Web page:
Panelists discuss Minnesota’s opioid epidemic, highlight National Drug Take Back Day

Panelists discuss Minnesota’s opioid epidemic, highlight National Drug Take Back Day

ROCHESTER, Minn. (KEYC) — During the pandemic, officials say drug overdoses have skyrocketed, partly due to fentanyl, a deadly fast acting synthetic opioid.

In an effort to raise awareness of the opioid epidemic, a group of panelists with Mayo Clinic held a media briefing Wednesday.

According to the CDC, more than 87,000 people have died of a drug overdose in the one-year period ending in September 2020.

In Minnesota, drug overdoses jumped by 32 percent, which is higher than the national average.

“We talk about morphine as the opioid people get as it’s a pain reliever. Heroin is about twice as potent, and if you compare that fentanyl it’s about 100 times more potent than morphine,” Mayo Clinic Opioid Stewardship Program, chair Halena Gazelka said.

A Mankato mother and Mayo Clinic paramedic Judy Greske knows that hardship first-hand. She lost her son in September from an overdose of heroin laced with fentanyl.

“I just want people to know people with addiction, it’s an illness. Just like cancer, we wouldn’t turn our backs on someone with cancer, we should not be turning our backs on someone with addiction problems,” said Greske.

The discussion comes ahead of National Drug Take-Back Day.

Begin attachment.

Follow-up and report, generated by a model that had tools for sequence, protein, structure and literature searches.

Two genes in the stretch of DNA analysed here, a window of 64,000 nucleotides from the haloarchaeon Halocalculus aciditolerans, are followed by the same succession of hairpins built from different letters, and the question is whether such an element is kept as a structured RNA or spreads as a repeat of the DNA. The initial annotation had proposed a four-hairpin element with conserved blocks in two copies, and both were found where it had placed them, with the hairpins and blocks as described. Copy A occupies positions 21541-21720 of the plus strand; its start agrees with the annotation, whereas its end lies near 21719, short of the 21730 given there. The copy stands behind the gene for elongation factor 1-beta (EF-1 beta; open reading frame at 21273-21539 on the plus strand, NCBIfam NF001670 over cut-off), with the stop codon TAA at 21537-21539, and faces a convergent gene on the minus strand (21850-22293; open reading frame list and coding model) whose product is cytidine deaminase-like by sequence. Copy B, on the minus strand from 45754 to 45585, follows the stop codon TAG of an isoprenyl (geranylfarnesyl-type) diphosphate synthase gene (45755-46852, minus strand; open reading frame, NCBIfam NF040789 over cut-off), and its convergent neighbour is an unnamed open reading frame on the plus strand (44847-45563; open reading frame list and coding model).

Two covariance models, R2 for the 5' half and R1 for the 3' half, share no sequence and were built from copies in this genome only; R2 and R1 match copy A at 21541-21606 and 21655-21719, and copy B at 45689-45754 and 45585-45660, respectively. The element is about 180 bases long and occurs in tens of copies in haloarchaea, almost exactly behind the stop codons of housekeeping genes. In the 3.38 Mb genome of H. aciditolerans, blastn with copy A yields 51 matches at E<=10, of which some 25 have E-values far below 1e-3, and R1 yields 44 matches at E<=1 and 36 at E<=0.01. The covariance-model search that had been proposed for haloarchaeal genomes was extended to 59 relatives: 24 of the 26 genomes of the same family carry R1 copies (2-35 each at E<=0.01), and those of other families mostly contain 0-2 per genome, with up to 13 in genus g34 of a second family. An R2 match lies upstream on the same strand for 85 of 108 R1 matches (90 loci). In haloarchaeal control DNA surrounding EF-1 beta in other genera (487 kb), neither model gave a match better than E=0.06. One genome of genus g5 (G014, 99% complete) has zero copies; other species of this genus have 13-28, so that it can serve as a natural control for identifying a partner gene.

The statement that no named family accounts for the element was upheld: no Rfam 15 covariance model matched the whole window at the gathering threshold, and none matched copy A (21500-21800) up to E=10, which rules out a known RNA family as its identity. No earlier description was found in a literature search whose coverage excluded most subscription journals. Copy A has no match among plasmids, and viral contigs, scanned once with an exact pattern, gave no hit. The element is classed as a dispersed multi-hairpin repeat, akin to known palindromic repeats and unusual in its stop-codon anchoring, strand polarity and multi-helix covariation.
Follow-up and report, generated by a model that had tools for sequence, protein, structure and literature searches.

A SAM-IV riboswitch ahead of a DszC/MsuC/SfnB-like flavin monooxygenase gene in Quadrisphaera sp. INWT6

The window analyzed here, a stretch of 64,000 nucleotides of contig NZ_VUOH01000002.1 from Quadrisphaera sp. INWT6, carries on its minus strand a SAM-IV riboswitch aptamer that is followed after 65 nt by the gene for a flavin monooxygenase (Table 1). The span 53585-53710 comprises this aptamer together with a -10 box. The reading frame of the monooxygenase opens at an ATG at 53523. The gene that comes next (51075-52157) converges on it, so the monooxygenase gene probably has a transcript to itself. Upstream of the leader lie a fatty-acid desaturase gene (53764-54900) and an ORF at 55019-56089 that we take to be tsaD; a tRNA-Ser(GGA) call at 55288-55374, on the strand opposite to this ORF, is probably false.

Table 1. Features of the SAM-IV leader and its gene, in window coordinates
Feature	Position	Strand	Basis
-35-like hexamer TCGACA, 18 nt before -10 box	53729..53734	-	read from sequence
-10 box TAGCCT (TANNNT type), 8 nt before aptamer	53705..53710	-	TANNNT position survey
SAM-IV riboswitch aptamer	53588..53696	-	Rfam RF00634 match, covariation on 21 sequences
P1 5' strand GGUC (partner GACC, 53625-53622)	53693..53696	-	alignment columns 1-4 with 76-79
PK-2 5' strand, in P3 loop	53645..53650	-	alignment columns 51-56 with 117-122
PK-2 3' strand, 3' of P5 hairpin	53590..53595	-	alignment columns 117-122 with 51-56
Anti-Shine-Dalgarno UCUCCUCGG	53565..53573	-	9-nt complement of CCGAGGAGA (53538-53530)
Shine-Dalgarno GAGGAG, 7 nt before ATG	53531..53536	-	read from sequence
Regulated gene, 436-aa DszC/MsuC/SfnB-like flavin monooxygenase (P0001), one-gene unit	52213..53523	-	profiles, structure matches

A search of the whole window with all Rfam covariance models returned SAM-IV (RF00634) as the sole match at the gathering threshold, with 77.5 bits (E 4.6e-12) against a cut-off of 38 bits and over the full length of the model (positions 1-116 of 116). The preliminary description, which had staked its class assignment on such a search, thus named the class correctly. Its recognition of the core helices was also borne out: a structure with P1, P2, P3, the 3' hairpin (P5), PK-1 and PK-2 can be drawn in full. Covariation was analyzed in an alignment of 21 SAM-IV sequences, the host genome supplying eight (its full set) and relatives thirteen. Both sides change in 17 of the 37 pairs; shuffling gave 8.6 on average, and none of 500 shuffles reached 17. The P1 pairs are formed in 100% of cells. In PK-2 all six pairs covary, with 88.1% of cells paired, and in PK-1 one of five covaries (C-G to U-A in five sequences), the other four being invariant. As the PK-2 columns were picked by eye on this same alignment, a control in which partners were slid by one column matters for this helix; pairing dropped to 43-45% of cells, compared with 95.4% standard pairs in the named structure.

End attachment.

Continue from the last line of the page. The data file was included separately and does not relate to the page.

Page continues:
“People don’t go out into the street and take heroin the first time they take an opioid typically, they get a prescription opioid from someone. (Or) they either have it prescribed to themselves after a surgery or procedure...they get a taste of Oxycodone and that accelerates to other drugs,” said Gazelka.

Locally, Mankato is to host a drug drop-off drive-thru at the Mankato Public Safety Center on Saturday from 10 a.m. to 2 p.m.

“Often it’s the very legal drugs that start someone out on a path to addiction. So we want to get those legal drugs back out of those medicine cabinets. Don’t leave those in the cabinets where your grandkids can find them,” said Gazelka.

Throughout the 10-year span of Take-Back Day, the DEA has collected more than 6,800 tons of prescriptions.

In addition, Mankato also provides a 24-hour anonymous drug drop box disposal service at the Public Safety Center.

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